Since the instructor will not be in the room with the students during online instruction, very thorough planning of all course materials and practices is paramount. Most online courses are offered using a learning management system (LMS) and it is important that the instructor knows how to use the LMS very well so that guidance for students can be provided. In addition, instructor mastery of the LMS makes it possible to load content and create online activities that are intuitive and easy for students to navigate. Well-designed courses take more time to develop but benefit students through enjoyable and enriching learning experiences. During the COVID school disruptions K-12 teachers have reported that finding time for preparation has been difficult (Pryor et al., 2020) and ongoing online instruction needs to take into account the extra preparation time.


The active presence of both the instructor and students has been widely recognized as an important component of effective online learning (Sun and Chen, 2016). The term presence generally refers to being present and available for all course activities and is important in both synchronous and asynchronous courses. Presence also includes relationships between the teacher and students and among the students.

For example, a study of online practices used by university instructors awarded for their optimal online instruction found that rapport was the single most important component of effective online instruction (Ryan et al., 2015). Relationships are widely recognized as an important component of classroom-based instruction and it appears that this is true for online learning as well. Sun and Chen (2016) noted that the relationships made in online courses lead to a distinct online community that plays an important role in learning outcomes. At a time when many students might experience anxiety due to the pandemic, it appears that teacher efforts to be present online and offer an online community can help make up for the lack of social interactions that would otherwise occur at school.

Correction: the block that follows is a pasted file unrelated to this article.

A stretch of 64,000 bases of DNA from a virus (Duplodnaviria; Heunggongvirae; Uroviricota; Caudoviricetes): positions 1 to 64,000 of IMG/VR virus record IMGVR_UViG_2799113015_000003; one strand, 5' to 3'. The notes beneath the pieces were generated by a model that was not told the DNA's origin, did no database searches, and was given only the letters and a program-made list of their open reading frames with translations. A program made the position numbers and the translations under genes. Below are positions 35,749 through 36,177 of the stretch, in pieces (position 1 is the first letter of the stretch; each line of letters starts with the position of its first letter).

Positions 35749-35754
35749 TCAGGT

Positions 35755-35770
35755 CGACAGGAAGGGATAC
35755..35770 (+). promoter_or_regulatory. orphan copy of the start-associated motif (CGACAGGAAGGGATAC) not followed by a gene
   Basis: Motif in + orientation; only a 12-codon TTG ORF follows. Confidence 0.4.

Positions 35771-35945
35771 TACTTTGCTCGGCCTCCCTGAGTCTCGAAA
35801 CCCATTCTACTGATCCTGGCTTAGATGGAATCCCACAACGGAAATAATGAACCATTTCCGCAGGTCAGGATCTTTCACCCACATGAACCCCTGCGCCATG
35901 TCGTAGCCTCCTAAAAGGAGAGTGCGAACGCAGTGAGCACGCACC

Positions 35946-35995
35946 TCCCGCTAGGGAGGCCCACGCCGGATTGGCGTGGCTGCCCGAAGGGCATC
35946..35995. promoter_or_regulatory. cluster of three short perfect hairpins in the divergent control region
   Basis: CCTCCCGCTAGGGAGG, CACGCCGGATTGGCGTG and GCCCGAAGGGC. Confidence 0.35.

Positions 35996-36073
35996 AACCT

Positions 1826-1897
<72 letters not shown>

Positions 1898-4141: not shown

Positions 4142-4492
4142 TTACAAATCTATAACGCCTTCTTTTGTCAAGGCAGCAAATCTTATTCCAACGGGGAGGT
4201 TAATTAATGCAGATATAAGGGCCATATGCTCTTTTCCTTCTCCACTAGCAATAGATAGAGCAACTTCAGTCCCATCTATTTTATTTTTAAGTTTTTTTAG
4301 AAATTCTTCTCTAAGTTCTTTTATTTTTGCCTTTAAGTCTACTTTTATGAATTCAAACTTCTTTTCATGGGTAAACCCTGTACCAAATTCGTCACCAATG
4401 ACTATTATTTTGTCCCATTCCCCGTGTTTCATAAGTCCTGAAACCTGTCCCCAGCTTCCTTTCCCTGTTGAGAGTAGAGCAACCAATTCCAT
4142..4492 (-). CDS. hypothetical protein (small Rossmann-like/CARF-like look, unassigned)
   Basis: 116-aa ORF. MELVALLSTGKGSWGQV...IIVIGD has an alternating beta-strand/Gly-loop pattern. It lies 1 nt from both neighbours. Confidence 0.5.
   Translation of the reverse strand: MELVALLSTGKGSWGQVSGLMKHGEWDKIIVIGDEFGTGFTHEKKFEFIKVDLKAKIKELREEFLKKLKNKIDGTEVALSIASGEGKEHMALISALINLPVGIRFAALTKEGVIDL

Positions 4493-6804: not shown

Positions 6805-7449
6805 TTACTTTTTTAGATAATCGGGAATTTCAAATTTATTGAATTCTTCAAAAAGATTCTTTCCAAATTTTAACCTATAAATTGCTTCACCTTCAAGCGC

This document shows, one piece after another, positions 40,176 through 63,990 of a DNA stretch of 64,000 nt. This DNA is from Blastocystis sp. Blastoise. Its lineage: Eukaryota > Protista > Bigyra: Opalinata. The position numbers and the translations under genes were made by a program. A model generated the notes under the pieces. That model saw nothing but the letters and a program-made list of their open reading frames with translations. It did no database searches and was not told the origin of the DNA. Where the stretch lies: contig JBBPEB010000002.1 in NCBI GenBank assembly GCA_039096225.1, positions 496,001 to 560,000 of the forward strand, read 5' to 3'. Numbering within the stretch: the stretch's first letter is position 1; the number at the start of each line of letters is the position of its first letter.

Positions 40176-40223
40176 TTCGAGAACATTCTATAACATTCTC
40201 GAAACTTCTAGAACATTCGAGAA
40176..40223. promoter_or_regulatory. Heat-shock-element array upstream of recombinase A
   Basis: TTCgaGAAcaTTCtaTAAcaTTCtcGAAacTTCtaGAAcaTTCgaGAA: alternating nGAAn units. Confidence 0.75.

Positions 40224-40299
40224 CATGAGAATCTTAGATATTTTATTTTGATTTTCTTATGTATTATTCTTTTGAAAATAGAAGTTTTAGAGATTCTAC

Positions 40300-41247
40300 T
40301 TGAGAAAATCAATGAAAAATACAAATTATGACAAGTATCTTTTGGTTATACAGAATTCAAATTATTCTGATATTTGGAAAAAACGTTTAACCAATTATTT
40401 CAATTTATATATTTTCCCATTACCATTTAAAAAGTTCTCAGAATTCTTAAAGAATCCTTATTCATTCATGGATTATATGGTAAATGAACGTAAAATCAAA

Another feature of effective online instruction is learner engagement. This refers to the frequency that the students apply learned knowledge or skills. As online instruction has evolved over time, engagement practices have changed (Mayer, 2018). Early online courses limited interactions and engagement to typed discussions. Innovations in technology now allow both audio and video participation as a routine component. At all levels, synchronous online learning using tools like Zoom and Google Meet have become ubiquitous. Nonetheless, just as in classroom settings, actual student engagement in learning can vary in a videoconference session. Increasing attention to how teachers can foster active student engagement during audio and video sessions is a likely outcome of the COVID-19 era. Notably, Borup and Evmenova (2019) found that university faculty enrolled in a course designed to teach them how to teach online reported that one of the most important course components was the opportunity to see skills modeled and then practicing them right away. Similarly, exemplary Georgia online instructors reported that student engagement was a key to learning outcomes. Recent reports across content areas have inquired about student engagement during online lessons (Chamberlain et al., 2020; Kamenetz, 2020) and more research about K-12 student engagement online is expected during the post-COVID era (Barnett, 2020).